Mershon thought 1934 would be his last year of salmon fishing in Quebec, but he returned the following year for a final summer as my grandparents’ guest, hobbled by failing knees, but still able to land several good-sized fish.
My grandfather kept up a correspondence with his old friend over the next seven years sharing news of the river Mershon had loved for half a century – salmon catches, log flows, the guides and their families, as well as detailed accounts of blooming flora and migrating fauna – and regularly sent him boxes of fresh Cascapedia salmon during the season.
In a June 1938 letter to my grandfather Captain Bill wrote:
“Well, I am not going back to the old days any more than it affects the memories of our pleasant trips to the Cascapedia. I was thinking on the first of June how I always managed to be ready to go at that time, many times you joined me, and what fine times we had in Montreal ending up down at the old cheese man’s place. It was not difficult to stock up with the liquors, and the next hardest was to make a list of groceries, etc. that was not way beyond our needs. Usually we could not help buying about everything that looked good. Then the cheese man, and how few of our guests cared for cheese the way we did. You will recall the time Mrs. Morley objected to my old Stilton and I had to keep it on the porch. Then when we got ready to go home, and I had dressed up in my newly shined tan shoes, and I had buried the remains of this old cheese in the asparagus bed, and then stepped in it. They were low shoes, and it even squirted up on my silk stockings, and there was only about an hour to train time. Well the 50 years I had on the glorious old river are chock-full of joyous memories and I have no business to find fault now because I can do no more fishing or traveling.”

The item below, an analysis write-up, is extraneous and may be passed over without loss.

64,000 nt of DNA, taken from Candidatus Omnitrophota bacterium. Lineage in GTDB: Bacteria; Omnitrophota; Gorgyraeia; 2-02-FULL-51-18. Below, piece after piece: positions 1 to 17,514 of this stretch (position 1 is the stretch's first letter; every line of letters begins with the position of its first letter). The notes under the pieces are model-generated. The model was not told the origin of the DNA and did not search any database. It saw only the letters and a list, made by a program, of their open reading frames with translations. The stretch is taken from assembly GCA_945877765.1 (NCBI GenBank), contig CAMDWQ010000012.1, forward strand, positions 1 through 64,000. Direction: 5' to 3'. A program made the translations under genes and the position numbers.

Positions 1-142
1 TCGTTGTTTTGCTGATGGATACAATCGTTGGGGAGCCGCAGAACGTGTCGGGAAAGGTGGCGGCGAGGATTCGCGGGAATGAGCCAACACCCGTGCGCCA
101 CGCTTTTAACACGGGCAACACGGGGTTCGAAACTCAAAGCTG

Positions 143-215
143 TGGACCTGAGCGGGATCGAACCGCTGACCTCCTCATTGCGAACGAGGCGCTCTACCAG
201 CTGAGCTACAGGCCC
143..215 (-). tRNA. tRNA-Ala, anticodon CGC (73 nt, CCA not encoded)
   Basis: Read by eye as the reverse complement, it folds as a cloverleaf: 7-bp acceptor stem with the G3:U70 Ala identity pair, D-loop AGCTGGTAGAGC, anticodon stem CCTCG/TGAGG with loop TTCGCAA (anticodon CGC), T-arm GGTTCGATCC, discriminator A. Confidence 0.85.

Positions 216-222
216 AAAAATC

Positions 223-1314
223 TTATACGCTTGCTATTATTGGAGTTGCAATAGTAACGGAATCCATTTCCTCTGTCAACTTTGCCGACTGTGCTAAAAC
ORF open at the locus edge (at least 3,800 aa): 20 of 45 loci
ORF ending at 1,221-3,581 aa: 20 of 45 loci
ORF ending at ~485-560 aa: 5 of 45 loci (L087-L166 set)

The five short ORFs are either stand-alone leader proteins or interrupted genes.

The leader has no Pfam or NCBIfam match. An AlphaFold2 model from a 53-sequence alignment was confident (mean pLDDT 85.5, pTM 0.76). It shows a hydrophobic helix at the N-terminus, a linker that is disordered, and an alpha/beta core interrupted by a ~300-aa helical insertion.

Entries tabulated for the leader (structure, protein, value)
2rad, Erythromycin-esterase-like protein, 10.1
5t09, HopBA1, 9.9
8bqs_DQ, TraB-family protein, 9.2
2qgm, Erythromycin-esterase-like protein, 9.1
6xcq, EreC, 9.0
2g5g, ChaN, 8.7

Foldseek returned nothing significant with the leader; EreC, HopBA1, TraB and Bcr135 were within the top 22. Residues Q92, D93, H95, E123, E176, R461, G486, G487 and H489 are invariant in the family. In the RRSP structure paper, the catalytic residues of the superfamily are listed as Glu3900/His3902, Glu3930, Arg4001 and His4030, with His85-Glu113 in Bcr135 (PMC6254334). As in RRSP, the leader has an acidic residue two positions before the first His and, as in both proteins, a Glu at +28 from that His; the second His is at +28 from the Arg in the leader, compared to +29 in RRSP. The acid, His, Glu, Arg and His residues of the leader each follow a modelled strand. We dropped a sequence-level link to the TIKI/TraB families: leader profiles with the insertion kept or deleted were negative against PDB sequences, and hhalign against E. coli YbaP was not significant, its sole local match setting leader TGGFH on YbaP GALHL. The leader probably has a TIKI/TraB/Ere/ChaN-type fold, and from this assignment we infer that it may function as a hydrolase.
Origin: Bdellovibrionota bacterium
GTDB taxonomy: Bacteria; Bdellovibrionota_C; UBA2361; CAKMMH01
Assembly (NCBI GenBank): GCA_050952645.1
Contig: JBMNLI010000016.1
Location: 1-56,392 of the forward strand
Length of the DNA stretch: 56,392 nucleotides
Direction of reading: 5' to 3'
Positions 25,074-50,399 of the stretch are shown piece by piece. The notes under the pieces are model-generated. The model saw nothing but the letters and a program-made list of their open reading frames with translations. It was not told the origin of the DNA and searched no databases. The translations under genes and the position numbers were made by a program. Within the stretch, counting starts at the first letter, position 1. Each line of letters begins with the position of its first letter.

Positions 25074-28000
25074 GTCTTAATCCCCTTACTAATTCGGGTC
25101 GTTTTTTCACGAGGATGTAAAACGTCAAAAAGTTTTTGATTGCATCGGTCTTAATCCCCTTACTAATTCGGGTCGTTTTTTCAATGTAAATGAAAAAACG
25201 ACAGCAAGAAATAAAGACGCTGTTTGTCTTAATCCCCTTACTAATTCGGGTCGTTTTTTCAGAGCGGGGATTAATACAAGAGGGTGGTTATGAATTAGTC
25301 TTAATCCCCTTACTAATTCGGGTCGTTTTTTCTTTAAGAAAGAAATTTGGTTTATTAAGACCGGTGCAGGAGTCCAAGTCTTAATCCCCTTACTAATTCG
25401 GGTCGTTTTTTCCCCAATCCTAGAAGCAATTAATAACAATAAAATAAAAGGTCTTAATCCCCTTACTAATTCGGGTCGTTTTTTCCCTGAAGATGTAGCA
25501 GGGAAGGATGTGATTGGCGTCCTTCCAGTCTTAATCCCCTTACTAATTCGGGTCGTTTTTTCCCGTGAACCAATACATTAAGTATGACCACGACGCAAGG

A few years later, in one of his many letters to Mershon, my grandfather wrote: “Dear Capt. Bill, my first salmon of the season taken yesterday A.M. at Broken Tree, is going to you today. A fine maiden fish in perfect condition, and just the size you like – 21#.”
In his letter of thanks Mershon, now confined to a wheelchair, replied:
“The salmon came this Friday morning early, and notwithstanding it has been raining, Rolland has built a fire and we will soon have a good bed of coals outside, and two nice steaks will soon come on the supper table… It is a mighty pretty fish, and there was plenty of ice in the box when it arrived, as there always is. It was mighty good of you to send me your first fish… What a good time you and I used to have together. Well those days are past and gone for me….”
Captain Bill died alone in his large Saginaw house on July 12, 1943.